Posted by: Mark | February 10, 2019

Herbert West–Re-Animator

By the time the movie, The Re-Animator, came out in 1985, I had already bought at least three Lovecraft collections and was familiar with the mythology (thank you D&D’s Deities and Demigods).

Unfortunately, it was about that time that I started to focus on other writers. Some of them like Harlan Ellison referred to Lovecraft’s work but I never really picked him up again until a few years ago.

I had read that “Herbert West–Re-Animator” was a weak story so I avoided it until last week. I think some of the elements that others hated was exactly what I loved.

What they don’t like:

1.  “Reanimator” doesn’t really fit in the Cthulhu or Dreamlands mythos.   Some readers take that as a personal offense. I enjoy interconnecting stories but I don’t mind if a writer takes a break. The plot of the story is a classic horror trope even if it doesn’t have an eldritch god from space.

2. “Reanimator” is episodic. This is undeniability true: the story is broken into various incidents from West and the unnamed narrator’s lives. I enjoyed that quite a bit. Many of Lovecraft’s stories are needlessly overwritten but this series of quick jolts was a nice change of pace. I wish Lovecraft did it more often.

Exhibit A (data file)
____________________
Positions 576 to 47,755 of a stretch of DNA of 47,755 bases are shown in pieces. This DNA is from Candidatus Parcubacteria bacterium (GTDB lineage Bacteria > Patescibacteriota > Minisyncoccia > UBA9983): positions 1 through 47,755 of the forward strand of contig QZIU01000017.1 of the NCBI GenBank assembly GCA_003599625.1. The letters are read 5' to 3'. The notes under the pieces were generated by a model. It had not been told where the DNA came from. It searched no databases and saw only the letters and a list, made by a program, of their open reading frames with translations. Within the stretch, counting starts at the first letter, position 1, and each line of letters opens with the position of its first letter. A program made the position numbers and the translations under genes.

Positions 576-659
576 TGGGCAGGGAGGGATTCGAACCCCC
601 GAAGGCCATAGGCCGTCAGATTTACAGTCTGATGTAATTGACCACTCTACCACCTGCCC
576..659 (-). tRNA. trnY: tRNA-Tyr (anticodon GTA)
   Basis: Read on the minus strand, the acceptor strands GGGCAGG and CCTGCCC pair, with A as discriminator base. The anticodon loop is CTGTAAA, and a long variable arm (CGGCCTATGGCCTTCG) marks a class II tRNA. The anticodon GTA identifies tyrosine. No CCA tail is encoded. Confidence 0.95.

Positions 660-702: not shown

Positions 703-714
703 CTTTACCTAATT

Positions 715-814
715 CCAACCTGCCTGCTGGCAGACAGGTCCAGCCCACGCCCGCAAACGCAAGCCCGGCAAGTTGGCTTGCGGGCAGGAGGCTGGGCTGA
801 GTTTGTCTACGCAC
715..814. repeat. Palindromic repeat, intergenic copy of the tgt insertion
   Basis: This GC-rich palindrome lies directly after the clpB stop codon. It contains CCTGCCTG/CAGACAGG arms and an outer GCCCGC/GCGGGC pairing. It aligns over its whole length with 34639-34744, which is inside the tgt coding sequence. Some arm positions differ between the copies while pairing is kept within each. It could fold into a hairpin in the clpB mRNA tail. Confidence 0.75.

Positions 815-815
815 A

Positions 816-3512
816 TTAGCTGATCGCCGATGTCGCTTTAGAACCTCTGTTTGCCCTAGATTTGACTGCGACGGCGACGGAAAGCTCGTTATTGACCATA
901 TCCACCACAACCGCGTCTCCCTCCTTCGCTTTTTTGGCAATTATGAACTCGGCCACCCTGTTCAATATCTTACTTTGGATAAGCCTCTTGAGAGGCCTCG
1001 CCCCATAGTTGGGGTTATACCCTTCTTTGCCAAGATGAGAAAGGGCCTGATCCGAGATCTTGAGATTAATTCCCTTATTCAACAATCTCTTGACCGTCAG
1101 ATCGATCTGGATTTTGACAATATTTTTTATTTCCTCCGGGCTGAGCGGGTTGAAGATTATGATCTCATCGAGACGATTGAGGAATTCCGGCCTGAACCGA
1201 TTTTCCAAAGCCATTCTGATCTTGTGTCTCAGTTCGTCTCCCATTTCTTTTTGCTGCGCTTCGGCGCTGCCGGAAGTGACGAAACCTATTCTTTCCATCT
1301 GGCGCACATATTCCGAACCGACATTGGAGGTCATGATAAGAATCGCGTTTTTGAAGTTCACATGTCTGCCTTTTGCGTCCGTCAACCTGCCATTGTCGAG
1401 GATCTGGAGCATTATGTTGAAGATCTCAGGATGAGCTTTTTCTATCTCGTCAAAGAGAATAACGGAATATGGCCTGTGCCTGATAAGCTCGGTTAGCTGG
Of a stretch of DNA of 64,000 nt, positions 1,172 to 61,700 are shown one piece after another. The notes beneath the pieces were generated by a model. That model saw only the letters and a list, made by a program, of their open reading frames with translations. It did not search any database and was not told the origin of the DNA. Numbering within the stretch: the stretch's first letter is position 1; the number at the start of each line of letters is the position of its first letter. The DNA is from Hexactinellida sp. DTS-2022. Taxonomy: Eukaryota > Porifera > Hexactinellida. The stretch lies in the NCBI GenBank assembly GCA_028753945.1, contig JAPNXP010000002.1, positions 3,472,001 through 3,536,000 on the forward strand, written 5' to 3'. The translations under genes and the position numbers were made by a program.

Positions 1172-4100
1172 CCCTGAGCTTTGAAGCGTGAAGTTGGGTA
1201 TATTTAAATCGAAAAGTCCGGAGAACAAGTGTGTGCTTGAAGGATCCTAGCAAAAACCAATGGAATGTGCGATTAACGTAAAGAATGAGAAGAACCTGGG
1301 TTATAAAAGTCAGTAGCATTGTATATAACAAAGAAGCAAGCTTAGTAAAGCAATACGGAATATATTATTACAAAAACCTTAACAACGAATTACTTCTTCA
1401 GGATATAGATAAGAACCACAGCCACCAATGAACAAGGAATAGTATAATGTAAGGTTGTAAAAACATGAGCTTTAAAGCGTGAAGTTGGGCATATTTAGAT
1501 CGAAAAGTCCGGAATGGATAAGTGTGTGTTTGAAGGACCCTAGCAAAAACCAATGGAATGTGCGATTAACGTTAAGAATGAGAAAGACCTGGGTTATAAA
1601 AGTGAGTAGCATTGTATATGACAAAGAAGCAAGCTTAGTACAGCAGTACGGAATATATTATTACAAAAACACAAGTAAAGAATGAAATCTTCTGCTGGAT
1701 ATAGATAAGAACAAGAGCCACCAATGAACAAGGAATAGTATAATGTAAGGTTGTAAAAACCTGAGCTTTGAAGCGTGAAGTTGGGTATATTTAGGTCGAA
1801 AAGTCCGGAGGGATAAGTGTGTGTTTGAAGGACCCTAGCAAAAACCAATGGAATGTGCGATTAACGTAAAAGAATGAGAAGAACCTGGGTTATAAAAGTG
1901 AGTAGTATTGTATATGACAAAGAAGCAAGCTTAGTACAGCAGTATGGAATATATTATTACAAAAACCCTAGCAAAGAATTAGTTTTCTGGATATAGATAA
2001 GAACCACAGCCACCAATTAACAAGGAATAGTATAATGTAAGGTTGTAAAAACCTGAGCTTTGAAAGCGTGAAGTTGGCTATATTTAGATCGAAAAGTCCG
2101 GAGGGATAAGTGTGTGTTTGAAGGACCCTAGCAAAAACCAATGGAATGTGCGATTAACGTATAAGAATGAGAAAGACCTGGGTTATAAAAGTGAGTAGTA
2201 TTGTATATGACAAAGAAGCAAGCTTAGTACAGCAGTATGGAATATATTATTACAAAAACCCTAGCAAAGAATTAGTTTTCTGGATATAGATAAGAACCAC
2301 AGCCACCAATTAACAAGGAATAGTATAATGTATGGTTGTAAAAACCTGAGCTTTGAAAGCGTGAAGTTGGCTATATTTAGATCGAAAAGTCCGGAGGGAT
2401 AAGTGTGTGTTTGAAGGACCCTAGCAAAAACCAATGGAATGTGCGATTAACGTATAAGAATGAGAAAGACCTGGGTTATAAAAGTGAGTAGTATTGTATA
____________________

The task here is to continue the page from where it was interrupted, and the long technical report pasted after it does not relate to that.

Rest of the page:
3.”Re-Animator” is racist. It’s true that H.P. did insult Italians and Irish in this story and his description of a black boxer was decisively cruel. For better or worse, the racism here is so much slighter than his other stories that it didn’t come off as noticeably.

I think this is one of the stories that caused Robert Howard to confront Lovecraft about his racism (if the creator of Conan the Barbarian says you’re offensive, you’re offensive). Eventually Lovecraft softened his views which is better than a huge number of people today and in this story, no one really seems superior. Herbert West is the picture of a Nazi, a blue-eyed, blond-haired Nietzschite. Yet he is shown to be morally bankrupt, weak, and most importantly dead wrong about his theories on the soul. Which leads to:

4. “Re-Animator” is an affront to religion and/or atheism.” Poor Herbert made a fatal mistake in dismissing the existence of the human soul but you can’t point to this story (or anything of Lovecraft’s) as pro-religion. Lovecraft seems to be saying that there’s an ultimate answer but humans are too stupid to ever figure it out.

 

I think some purists hate “Re-Animator” because of the movie which is a shame because the movie pulled so many points directly from the story. The film’s plot is condensed to a concise period of time instead of decades, but otherwise does keep many elements from the written page (the re-animated severed head performing oral sex being an exception).

I don’t think I would rate “Herbert West–Re-Animator” in Lovecraft’s top ten but it’s definitely not a disappointment.

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